Depending on the size of the complex, there may be leisure facilities on the site. Some have their own cafes, shops, hairdressers, and even dental care services that are for use only by assisted living community, so everything you need is at hand.

In addition to communal areas inside, many facilities have communal gardens or outside spaces for residents. In some, the properties may have individual gardens, which can be an advantage for anyone who enjoys gardening.


Renting or buying

In some assisted living facilities, residents can choose whether to buy or rent the property. There are sometimes different options such as lease schemes or shared ownership available. Service and maintenance charges may also be incurred, and if care is needed, this may be an additional cost, although it may be included in the purchase payments or rent.

Properties are often sold at a lower market value than ‘traditional’ housing. If you’re interested in buying a property, your local council will be able to tell you if there are any on the market. You can check the details and ratings of each facility’s available properties using the Elderly Accommodation Counsel directory.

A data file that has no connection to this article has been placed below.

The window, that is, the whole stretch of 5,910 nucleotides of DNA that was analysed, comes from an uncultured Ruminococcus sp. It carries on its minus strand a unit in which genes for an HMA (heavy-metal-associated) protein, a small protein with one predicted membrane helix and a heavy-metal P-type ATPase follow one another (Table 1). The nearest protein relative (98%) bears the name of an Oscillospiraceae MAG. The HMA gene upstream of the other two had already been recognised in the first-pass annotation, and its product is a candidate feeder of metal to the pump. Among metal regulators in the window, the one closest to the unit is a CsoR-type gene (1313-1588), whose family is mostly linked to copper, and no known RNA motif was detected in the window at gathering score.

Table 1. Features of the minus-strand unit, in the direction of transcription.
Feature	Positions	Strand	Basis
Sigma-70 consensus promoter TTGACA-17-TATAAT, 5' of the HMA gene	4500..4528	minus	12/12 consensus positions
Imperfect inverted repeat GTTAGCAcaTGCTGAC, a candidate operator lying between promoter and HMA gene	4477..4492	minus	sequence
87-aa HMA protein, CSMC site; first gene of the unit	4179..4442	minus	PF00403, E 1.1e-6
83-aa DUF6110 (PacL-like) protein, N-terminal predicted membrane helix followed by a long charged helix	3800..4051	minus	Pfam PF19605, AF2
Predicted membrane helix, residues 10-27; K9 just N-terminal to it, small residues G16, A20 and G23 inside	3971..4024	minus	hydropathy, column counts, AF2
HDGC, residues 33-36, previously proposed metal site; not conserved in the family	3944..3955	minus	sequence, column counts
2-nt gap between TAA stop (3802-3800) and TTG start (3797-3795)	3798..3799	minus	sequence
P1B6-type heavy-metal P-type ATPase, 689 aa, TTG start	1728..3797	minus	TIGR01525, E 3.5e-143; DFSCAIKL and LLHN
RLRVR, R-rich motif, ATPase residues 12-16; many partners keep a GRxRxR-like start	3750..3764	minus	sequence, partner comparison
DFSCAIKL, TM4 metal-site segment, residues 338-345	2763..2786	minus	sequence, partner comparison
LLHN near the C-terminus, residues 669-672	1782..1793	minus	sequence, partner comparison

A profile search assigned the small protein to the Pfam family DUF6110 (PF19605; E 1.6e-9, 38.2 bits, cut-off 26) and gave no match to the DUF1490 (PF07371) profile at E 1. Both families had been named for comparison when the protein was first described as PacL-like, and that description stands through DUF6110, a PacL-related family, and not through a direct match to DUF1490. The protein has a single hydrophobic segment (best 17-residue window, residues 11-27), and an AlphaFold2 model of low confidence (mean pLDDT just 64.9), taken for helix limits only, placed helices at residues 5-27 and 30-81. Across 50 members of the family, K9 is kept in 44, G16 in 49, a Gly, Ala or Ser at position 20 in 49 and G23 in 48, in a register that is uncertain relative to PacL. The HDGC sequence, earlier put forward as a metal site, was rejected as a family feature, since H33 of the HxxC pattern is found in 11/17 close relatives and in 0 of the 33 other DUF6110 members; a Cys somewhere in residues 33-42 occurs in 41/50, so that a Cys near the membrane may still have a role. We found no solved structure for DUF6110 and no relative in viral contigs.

Overall, assisted living can be less expensive than residential or nursing homes, which makes it more attractive to many people, but it must be suited to a person’s daily needs. 


The cost of assisted living

Assisted living costs can vary considerably depending on various factors such as –

  • Where in the UK you’re looking
  • Whether you rent or buy
  • The facilities on offer
  • Any additional services provided by the provider 
  • The level of support you need
  • Whether there are additional maintenance charges for upkeep of the property and grounds.